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Thursday, July 30, 2020

July 30, 2020: Great Movie Speeches: Jaws

[On July 30th, 1945, the USS Indianapolis was sunk by a Japanese submarine on its way back from delivering the components of the atomic bombs. That wartime tragedy became the basis for one of the great speeches in American film history, so this week I’ll AmericanStudy that monologue and four other knockout cinematic orations!]
On two ways Quint’s iconic speech captures a historic horror.
As I wrote in this prior post on Jaws (1975), Steven Spielberg’s groundbreaking summer blockbuster is really a tale of two films: the Amity-set first half, which is as much about the community on that resort island as the unseen killer shark terrorizing it; and the ocean-bound second half, which is as much about the three men aboard the Orca as about the now-seen killer shark terrorizing them (well, technically they’re hunting it, but we all know how that goes). All three of those men are compelling characters given multi-layered life by the very talented actors playing them, but there’s no doubt that it is Robert Shaw’s Captain Quint who stands out and from whom the audience can’t look away. That’s true from the moment he enters the film until the (far more gruesome) moment he leaves it, but it’s never more true than in the scene where both the audience and his two companions finally learn a bit more about what has made Quint the way he is, both when it comes to sharks and overall: his experience aboard the doomed USS Indianapolis.  
That speech is interestingly inaccurate on a basic detail about that historic horror (Quint says in the speech’s closing lines that the Indianapolis went down on “June the 29th, 1945,” perhaps because that date flows more poetically than “July the 30th” would have, perhaps because he just got it wrong but had done such a beautiful long take that Spielberg didn’t want to re-film), but to my mind captures perfectly two sides to the event in the intimate and affecting ways that the best historical fiction can. The more obvious, but certainly crucial, side is the many stages of fear through which Quint’s masterful storytelling takes his audience, from the most graphic (that “high-pitched scream” when a shark attacks) to the more mundane (the look of a shark’s eyes, “like doll’s eyes”) to that ironic final fear as the men wait to be rescued. History and humanity are not always easy to keep in mind at the same time, and the numbers associated with the Indianapolis (which is considered the single most fatal sinking in US naval history) are a good example: Quint highlights those staggering numbers of both overall sailors and sailors lost in his closing lines too, but to my mind they don’t and can’t capture the event’s horrors and tragedies as well as the speech’s exploration of how it all felt for just one of those men.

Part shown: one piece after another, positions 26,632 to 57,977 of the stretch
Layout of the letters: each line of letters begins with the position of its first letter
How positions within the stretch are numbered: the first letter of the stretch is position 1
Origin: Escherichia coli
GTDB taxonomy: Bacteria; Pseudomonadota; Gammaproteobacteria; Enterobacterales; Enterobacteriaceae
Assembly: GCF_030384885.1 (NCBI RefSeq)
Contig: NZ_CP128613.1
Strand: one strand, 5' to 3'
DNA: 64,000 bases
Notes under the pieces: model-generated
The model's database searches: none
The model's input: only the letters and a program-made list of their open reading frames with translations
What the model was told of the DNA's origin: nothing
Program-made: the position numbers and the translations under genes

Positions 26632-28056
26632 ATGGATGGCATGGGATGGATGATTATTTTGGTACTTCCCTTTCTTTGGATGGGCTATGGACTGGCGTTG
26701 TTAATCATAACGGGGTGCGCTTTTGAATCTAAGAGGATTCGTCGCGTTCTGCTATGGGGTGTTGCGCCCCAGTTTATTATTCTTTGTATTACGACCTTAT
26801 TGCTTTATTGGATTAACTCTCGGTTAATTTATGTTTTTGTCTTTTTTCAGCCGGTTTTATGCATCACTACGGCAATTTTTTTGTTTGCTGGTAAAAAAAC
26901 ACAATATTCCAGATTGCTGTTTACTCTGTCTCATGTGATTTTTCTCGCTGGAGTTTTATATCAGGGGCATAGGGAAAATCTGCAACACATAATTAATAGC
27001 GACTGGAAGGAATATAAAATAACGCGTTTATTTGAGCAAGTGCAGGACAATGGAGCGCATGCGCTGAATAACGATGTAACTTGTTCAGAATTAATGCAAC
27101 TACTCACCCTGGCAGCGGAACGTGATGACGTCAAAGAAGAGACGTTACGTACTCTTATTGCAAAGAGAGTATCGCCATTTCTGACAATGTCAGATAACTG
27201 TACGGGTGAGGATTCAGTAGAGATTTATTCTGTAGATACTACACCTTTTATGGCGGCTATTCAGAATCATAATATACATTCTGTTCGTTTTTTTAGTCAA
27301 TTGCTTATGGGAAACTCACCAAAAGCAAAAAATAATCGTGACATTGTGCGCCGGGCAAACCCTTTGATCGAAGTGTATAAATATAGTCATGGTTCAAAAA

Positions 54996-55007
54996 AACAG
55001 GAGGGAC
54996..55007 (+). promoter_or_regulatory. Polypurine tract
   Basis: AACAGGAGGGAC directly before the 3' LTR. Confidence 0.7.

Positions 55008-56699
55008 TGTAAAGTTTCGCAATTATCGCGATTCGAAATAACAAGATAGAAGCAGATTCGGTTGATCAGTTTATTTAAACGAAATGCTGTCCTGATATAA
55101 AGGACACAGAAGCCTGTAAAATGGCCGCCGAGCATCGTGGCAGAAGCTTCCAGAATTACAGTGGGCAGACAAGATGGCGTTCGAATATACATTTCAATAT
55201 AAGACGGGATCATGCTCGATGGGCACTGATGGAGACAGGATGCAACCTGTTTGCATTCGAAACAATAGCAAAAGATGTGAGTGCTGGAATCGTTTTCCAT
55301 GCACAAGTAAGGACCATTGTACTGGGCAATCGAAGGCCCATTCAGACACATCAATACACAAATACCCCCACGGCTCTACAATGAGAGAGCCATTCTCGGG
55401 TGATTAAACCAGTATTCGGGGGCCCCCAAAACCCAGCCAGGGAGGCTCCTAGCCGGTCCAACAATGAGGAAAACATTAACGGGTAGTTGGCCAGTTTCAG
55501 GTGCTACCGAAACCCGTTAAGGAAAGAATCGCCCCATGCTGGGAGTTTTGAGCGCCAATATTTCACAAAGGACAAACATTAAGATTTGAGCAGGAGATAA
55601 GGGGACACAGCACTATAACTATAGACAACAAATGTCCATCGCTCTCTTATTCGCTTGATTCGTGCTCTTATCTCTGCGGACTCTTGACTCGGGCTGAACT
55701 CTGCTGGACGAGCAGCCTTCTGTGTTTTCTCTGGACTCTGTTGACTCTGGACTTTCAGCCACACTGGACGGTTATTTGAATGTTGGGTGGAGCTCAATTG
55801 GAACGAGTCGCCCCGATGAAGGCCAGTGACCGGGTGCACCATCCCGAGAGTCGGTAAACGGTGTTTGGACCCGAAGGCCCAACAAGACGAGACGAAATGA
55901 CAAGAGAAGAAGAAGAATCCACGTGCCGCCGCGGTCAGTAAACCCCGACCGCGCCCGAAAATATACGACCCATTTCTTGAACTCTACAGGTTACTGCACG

How it all felt and, in the case of a surviving veteran like Quint, how it all continues to feel. To my mind, the single best and most important line in Quint’s speech is another one from that closing section, directly following the line about the time he was most frightened (while waiting to be rescued): “I’ll never put on a life jacket again.” 316 of the ship’s 1195 total crew survived the ordeal, and it’s fair to say that all of them likely suffered from some form or another of post-traumatic stress disorder (PTSD). But PTSD (especially in large cohorts of veterans) is another of those overarching categories that can at times be difficult to think about in its most individual, intimate realities. And in this one line, both the words themselves and how he delivers them, Robert Shaw captures that human side to the traumas of war and their lingering effects; indeed, both the line and the speech as a whole force us to rethink the character in every way, including his seemingly obsessive and certainly self-destructive pursuit of the film’s titular shark. That’s a pretty darn good film speech!
Last movie speech tomorrow,
PS. What do you think? Other movie speeches you’d highlight?

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